New edition of Macedonian Twitter Calendar combines nude art photography with humanitarian fundraising

A sample of photos from the Twitter Calendar for 2019 published in Macedonia. Photos by Zvonko Plavevski, CC BY-NC-ND 4.0

A new edition of #TwitterCalendar (#ТвитерКалендар), a collection of nude art photography that's typically promoted via the microblogging platform, was recently launched in Skopje. This is the fifth edition of this initiative, which has been donating the money from calendar sales to support various humanitarian causes over the years.

The #TwitterCalendar initiative is in no way affiliated with Twitter as a company or a brand. In the jargon of Macedonian social media users, adding the word “Twitter” to an activity denotes an initiative organized via Twitter and involving its local users. For instance, #TwitterBasket (#ТвитерБаскет) is a popular way to schedule recreational basketball matches involving tweeps.

The author of the 2019 Twitter Calendar is photographer Zvonko Plavevski (), and the models are volunteers from the Macedonian Twitter community who responded to an open call over the social network.

In line with the tradition of previous issues, the funds gathered by selling the glossy, hard-copy version will be donated for humanitarian purposes, and its creators are promoting it through a photo exhibition at a bar in the center of Skopje.

#TwitterCalendar [exhibition space]

In 2013, a group of activists published the first Twitter Calendar to promote breast cancer awareness. The 2014 calendar promoted sex education and gender equality. In 2016, the calendar offered an array of arty nudes, the proceeds of which went towards helping athlete Gorazd Nikoloski in his fight against cancer.

Plavevski continued the tradition with the 2017 calendar, which promoted HIV/AIDS prevention. Then, the involved team donated the gathered funds to the NGO Real Acts of Kindness, which provides basic necessities like food and clothes to homeless people and families living in extreme poverty.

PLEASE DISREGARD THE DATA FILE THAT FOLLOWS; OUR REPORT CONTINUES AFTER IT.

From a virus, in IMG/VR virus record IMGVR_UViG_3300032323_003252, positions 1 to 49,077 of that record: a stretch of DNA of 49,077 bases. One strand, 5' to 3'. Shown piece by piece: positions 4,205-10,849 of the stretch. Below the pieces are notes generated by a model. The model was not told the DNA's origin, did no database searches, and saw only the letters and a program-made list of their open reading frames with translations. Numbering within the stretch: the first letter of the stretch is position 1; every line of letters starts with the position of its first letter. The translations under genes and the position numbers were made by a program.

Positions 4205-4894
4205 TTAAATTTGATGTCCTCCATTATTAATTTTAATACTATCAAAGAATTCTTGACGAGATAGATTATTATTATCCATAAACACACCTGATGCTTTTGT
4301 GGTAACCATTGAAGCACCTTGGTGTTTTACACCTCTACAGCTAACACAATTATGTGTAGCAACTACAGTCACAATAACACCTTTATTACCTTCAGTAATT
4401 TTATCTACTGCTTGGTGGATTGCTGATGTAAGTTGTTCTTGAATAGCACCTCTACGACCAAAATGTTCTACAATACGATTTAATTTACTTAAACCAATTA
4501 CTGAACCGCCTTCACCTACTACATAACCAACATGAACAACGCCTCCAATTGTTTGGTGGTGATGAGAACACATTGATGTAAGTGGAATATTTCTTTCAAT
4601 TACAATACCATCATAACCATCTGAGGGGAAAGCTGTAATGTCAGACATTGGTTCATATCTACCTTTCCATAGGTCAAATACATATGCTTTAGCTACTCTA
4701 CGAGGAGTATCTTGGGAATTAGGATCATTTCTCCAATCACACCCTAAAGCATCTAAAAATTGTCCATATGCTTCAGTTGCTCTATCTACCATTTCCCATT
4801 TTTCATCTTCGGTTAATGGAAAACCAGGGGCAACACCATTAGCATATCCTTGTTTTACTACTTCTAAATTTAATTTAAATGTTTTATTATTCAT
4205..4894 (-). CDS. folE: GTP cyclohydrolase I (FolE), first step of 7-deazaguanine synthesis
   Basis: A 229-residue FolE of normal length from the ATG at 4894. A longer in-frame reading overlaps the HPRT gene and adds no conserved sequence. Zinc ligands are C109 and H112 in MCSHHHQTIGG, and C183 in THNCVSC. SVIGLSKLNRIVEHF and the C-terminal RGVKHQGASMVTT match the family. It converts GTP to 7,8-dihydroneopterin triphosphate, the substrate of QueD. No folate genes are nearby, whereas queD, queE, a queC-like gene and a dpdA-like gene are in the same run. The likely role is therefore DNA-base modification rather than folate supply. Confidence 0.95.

In a statement for Global Voices, Plavevski said that the process for the 2019 calendar took about two months:

This year the participants were more eager than before to participate in the photo-shoots. Also the attitude of the public has changed, and they don't find the nudity so shocking. The audience seems to have gotten used to art nudity, and was anticipating the calendar and provided criticism of its artistic qualities.

His team explained that for 2019, they’ve printed 100 calendars and hope to sell them for about seven dollars each during the winter holiday season, after which they’ll donate the money to a charity chosen by the participants. For the moment though, they are reticent to announce the cause or specify donation amounts before they actually collect the money.

Twitter community annual events

Besides its Twitter Calendar, the Macedonian Twitter community has established several other traditions and mores — including the annual raising of a Christmas tree made of crowd-gathered plastic bottles, intended to increase awareness about the importance of recycling. The tradition, inspired by a practice from Kaunas, Lithuania, started in 2011.

The participants organize through the hashtag , which combines the word “Elka”, meaning fir, and the country code, MK. The Macedonian translation of “Christmas tree” is “New Year's tree” (новогодишна елка), and is associated with the New Year's Eve celebration rather than the local Orthodox Christian tradition of Christmas, which is celebrated according to Old Calendar on January 7.

The initiative includes a gathering where participants each bring used plastic bottles in different colors, eventually combining them in the shape of a tree. The event also celebrates a sense of community spirit, with shared food and drinks.

Another annual initiative, #TwitterAwards (), involves communal voting in categories such as Best Hashtag, Best Male and Female Twitter User, Best Designer and other honors. Its very nature makes it somewhat controversial though, as public trust around voting in Macedonian society is low due to abuse of electoral mechanisms by political parties. As a result, many view any kind of voting with suspicion.

Kudos to the organizers of #TwitterAwards for their persistence that enabled this event to survive in spite of so many hateful comments…

Following the online voting process, the awards are presented at a public event which includes some showmanship and socializing among Twitter users, many of whom might be meeting in person for the first time. The awards also pay homage to community members who have passed away during the year.

Yesterday I went to the #TwitterAwards, @vikoheyeah made an effort to please us all, so I would summarize…
– I was the oldest person in the room
– Loads of young and good looking young men and women
– The ‘gods of Twitter’ were not there, like other [elites] in this country they showed arrogance and didn't show up…
– @kamijon007 was gorgeous!

Although the calendar, the Christmas tree, and the awards ceremony do not make the Macedonian Twittersphere unique, they do show the potential that this social network has to create community and positive social change.

Editor's note: this post was updated on December 29, 2018, in order to clarify that the initiative is not Twitter-sanctioned and that the 2019 calendar will be the fifth edition of such initiative, not the fourth as was previously stated. We have also added details about past NGO recipients.

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